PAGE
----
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- Major US stock indexes climbed on Friday, driven by a surge in technology stocks.
- Still, Friday’s increase wasn’t enough to lift them into positive territory for the week. Both the S&P 500 and Dow Jones industrial average notched their fourth straight weekly decline.
- Equities have come under pressure in recent week as investors monitor rising COVID-19 cases overseas and in the US.
- Putting additional pressure on stocks is Congress’ likely inability to pass another round of fiscal stimulus before the November election.
- Watch major indexes update live here.
Stocks climbed on Friday, driven by the same sector that’s led markets lower over the past month: technology. Investors bought the dip and pushed major indexes firmly into positive territory after tepid trading in the morning hours.
Still, Friday’s gains weren’t enough to salvage a positive week. The S&P 500 and Dow Jones industrial average both notched their fourth straight weekly declines as investors continued to focus on rising COVID-19 cases, including surges in the UK and France.
On top of that, Congress’ likely inability to pass additional stimulus measures before the November election has put pressure on equities and economic outlooks.
Goldman Sachs on Thursday lowered its fourth-quarter GDP estimates because of the lack of additional stimulus measures, and JPMorgan followed suit on Friday.
Here’s where US indexes stood at the 4 p.m. market close on Friday:
- S&P 500: 3,298.46, up 1.6%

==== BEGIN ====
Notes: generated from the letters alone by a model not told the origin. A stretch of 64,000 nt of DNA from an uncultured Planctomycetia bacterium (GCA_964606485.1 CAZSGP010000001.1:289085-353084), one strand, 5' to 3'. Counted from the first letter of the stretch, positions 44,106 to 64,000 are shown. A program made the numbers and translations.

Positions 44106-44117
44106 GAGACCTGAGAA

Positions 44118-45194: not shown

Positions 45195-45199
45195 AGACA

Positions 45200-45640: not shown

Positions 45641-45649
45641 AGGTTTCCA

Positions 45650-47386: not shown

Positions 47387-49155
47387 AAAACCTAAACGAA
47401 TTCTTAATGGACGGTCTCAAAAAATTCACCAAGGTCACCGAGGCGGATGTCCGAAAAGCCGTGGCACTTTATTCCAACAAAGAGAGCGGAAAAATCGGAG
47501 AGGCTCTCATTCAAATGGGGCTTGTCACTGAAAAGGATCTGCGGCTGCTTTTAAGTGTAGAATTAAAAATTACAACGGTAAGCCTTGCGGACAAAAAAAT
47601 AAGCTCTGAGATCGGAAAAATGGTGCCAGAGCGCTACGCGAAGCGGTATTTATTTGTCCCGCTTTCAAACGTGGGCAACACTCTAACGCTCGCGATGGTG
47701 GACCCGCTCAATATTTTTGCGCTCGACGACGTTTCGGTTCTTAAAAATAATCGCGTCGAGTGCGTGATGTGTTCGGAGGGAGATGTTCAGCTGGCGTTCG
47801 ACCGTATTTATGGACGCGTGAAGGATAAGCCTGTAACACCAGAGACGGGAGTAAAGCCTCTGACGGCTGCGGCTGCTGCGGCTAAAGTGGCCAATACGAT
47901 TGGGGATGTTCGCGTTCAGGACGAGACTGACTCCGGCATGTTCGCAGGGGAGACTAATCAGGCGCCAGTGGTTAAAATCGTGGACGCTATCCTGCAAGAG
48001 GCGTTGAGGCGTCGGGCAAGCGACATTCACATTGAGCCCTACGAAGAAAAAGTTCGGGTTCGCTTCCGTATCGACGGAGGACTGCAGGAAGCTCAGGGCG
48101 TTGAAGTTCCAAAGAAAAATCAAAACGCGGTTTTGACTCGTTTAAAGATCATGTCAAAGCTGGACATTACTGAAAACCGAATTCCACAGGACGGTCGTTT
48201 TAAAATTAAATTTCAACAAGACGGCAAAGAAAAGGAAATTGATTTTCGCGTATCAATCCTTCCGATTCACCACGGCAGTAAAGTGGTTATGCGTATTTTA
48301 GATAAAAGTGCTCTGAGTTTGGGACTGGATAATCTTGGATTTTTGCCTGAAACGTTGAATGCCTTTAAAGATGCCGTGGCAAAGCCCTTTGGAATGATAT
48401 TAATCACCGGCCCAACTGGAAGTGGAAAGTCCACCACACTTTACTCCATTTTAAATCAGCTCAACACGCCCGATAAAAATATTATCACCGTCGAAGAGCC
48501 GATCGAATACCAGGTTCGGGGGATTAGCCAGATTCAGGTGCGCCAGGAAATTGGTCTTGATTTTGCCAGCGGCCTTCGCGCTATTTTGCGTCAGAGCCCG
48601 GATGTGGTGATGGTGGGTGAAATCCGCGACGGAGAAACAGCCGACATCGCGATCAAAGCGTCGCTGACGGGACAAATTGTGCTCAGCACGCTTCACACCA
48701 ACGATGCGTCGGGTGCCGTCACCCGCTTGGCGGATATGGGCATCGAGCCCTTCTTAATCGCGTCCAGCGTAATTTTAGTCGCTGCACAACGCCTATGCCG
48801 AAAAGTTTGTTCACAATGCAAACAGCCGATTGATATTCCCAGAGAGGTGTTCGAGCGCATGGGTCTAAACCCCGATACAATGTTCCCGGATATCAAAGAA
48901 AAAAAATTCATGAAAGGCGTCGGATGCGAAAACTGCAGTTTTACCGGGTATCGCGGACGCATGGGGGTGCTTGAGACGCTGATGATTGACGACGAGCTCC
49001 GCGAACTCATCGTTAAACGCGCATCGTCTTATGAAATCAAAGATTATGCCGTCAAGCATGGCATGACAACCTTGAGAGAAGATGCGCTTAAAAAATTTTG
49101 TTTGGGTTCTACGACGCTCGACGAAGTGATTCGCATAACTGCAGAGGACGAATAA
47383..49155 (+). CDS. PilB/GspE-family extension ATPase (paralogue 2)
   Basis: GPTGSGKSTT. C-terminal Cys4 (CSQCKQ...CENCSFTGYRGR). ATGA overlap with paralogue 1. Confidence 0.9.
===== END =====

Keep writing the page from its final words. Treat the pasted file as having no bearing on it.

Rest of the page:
- Dow Jones industrial average: 27,173.96, up 1.3% (359 points)
- Nasdaq composite: 10,913.56, up 2.3%
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Investors are not showing signs of irrational exuberance, according to Bank of America. The firm said last week’s fund flows saw the third-largest outflow from stocks on record.
Surges in virus cases have refocused investor attention on COVID-19 vaccine stocks. Novavax surged on Friday after the company said it began a phase-three trial of its vaccine in the UK.
Goldman Sachs said on Friday that a COVID-19 vaccine would help drive a rebound in demand for air travel, estimating that many passenger airlines would return to pre-pandemic flight levels in 2023.
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Despite weak price action in stocks throughout September, the IPO window remains open. Palantir is reportedly looking to go public next week at a valuation of $22 billion.
Gold fell as much as 0.8%, to $1,852.49 per ounce.
Oil prices slid. West Texas Intermediate crude fell as much as 1.5%, to $39.71 per barrel. Brent crude, oil’s international benchmark, fell 1%, to $41.52 per barrel, at intraday lows.
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